Will our actions match our revitalization words?

Hopefully our city council will quickly move away from the issue of the council president’s “race”. It is unseemly to think that race divides our city council.

On to more important things.

A few weeks ago, Trenton made two uneconomic decisions right in the thick of the election.

  1. It approved the receipt of HOPE VI funding to replace Miller Homes, and
  2. It approved a tax abatement for Escher Street SRO, a halfway house

Both decisions are emblematic of the path Trenton has been following for the past 20 years and both run counter to the focus on economic recovery most of our candidates espoused.

In 2004, the South Trenton neighborhood comprising the Lamberton Historic District fought against HOPE VI funding which would have replaced one housing project, Kearney Homes, with another. They hoped for better and they’ve gotten it with a 100% market rate development from Ryan Homes.

In the course of that battle two astonishing observations were made concerning the agenda of the Trenton Housing Authority and the City administrations.

  1. When asked whether an economic impact analysis of the project had been done, neither the City nor the THA had done one. They had no idea whether the project would be economically good or bad. At one point in the meetings between the neighborhood and THA, I asked about this and a THA official suggested that I prepare the analysis for them. It was a flippant comment, but I went ahead and did it. Sure enough, that project would have been a drain on the city.
  2. THA set up meetings with citizens to get input on the project. About ¾ of the way through one of these sessions, several of us realized that no one from THA was actually capturing notes from the input they were supposedly getting from the 100 or so neighbors in the room. It was a rude awakening to the callousness of bureaucrats towards the communities they serve.

I don’t imagine the neighborhood around Miller Homes was nearly as organized as the Lamberton group (I certainly haven’t heard about them). So I doubt there was anybody to raise issues about HOPE VI this time around. And I am sure that no one in the current administration or city council asked for an economic impact analysis. Going forward, let’s please do better.

The abatement on Escher Street SRO was even more ironic. All through the campaign, candidates including the three on the current city council have bemoaned Trenton’s structural deficit and the high number of non-tax-paying non-profit owned buildings in Trenton. They were talking about buildings exactly like the halfway house which had had a previous abatement but had ran out. When it came time to do something about it, city council folded. They passed the abatement measure in the same session where they were forced by the state to actually pass a budget which represented the failed policies of the past. Their actions didn’t measure up to their words when they granted an extension on Escher Street thereby extending Trenton’s structural deficit.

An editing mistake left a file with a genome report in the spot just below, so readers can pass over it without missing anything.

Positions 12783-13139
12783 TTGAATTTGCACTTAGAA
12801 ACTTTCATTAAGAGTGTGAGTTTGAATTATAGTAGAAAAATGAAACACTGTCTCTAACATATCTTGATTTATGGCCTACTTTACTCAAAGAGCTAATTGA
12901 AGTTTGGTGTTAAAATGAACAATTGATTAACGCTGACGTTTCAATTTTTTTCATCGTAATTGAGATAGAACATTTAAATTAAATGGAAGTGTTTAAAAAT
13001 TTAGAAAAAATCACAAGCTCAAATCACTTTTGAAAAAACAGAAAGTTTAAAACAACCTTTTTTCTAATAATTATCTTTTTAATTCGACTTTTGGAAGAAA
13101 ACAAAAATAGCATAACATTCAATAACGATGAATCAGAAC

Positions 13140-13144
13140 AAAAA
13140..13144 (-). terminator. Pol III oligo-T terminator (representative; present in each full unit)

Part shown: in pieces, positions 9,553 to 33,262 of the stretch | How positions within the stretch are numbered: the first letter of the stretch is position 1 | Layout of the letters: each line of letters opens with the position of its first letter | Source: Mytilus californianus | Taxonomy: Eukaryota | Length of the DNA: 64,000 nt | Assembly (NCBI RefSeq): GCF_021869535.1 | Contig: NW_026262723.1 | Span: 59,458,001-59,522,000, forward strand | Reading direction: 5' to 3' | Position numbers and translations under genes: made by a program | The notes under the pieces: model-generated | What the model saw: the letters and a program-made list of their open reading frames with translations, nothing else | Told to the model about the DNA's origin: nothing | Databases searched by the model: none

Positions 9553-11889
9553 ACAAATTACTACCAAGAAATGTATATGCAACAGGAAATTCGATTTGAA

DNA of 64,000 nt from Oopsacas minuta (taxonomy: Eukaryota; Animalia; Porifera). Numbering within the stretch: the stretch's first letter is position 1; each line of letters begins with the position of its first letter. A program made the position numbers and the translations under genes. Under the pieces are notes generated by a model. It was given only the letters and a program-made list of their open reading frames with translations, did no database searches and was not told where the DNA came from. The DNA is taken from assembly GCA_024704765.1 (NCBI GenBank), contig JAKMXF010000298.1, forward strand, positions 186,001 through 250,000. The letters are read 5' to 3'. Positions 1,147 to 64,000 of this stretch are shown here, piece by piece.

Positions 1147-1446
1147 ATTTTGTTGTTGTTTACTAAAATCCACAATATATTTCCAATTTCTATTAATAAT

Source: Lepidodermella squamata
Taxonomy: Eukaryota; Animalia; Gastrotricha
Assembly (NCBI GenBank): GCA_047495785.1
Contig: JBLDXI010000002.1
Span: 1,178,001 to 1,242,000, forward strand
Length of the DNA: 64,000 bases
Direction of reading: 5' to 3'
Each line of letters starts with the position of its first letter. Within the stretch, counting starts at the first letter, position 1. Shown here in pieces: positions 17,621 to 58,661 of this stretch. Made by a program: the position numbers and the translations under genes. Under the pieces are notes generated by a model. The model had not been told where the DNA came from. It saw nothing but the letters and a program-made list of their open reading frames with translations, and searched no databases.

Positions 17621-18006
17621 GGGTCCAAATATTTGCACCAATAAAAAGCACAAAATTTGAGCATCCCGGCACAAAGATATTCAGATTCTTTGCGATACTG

The problem with both of these decisions is that they ignore the basic economics of our city. Trenton is awash in costs for the poor and has no tax base to support those costs. We all know that our per capita income and therefore our ratables are very low, dangerously low.  And yet these two projects add to overall structural deficit.

A HOPE VI project will generate far more costs in the form of school, police, inspections, recreation and social services costs than it will ever generate in the form of property taxes.  As politically difficult as it sounds, the project will be an additional drain on the city.  This is the challenge that a politician faces in Trenton. We can no longer afford to do the cuddly, feel good thing.  We have to make hard choices, and our current council and administration failed to do it with Miller Homes.

The halfway house is even worse. I’m sure the home would have had to close. But presumably it would relocate to a community better able to subsidize its existence. We need halfway houses in this world, unfortunately Trenton can’t afford them at this time. Perhaps, when we’re healthier.

I point all this out to illustrate the kind of difficult decisions our next government faces.  We, as citizens, need to understand that we can’t afford to do everything we might want and that economic analysis can help us separate the good from the bad.  We’re like airline passengers that have lost pressurization in the cabin.  We need to put our oxygen mask on first before we worry about saving everybody else.   

Most importantly, we need to focus ourselves, as well as Council, on economic recovery and away from racial politics.

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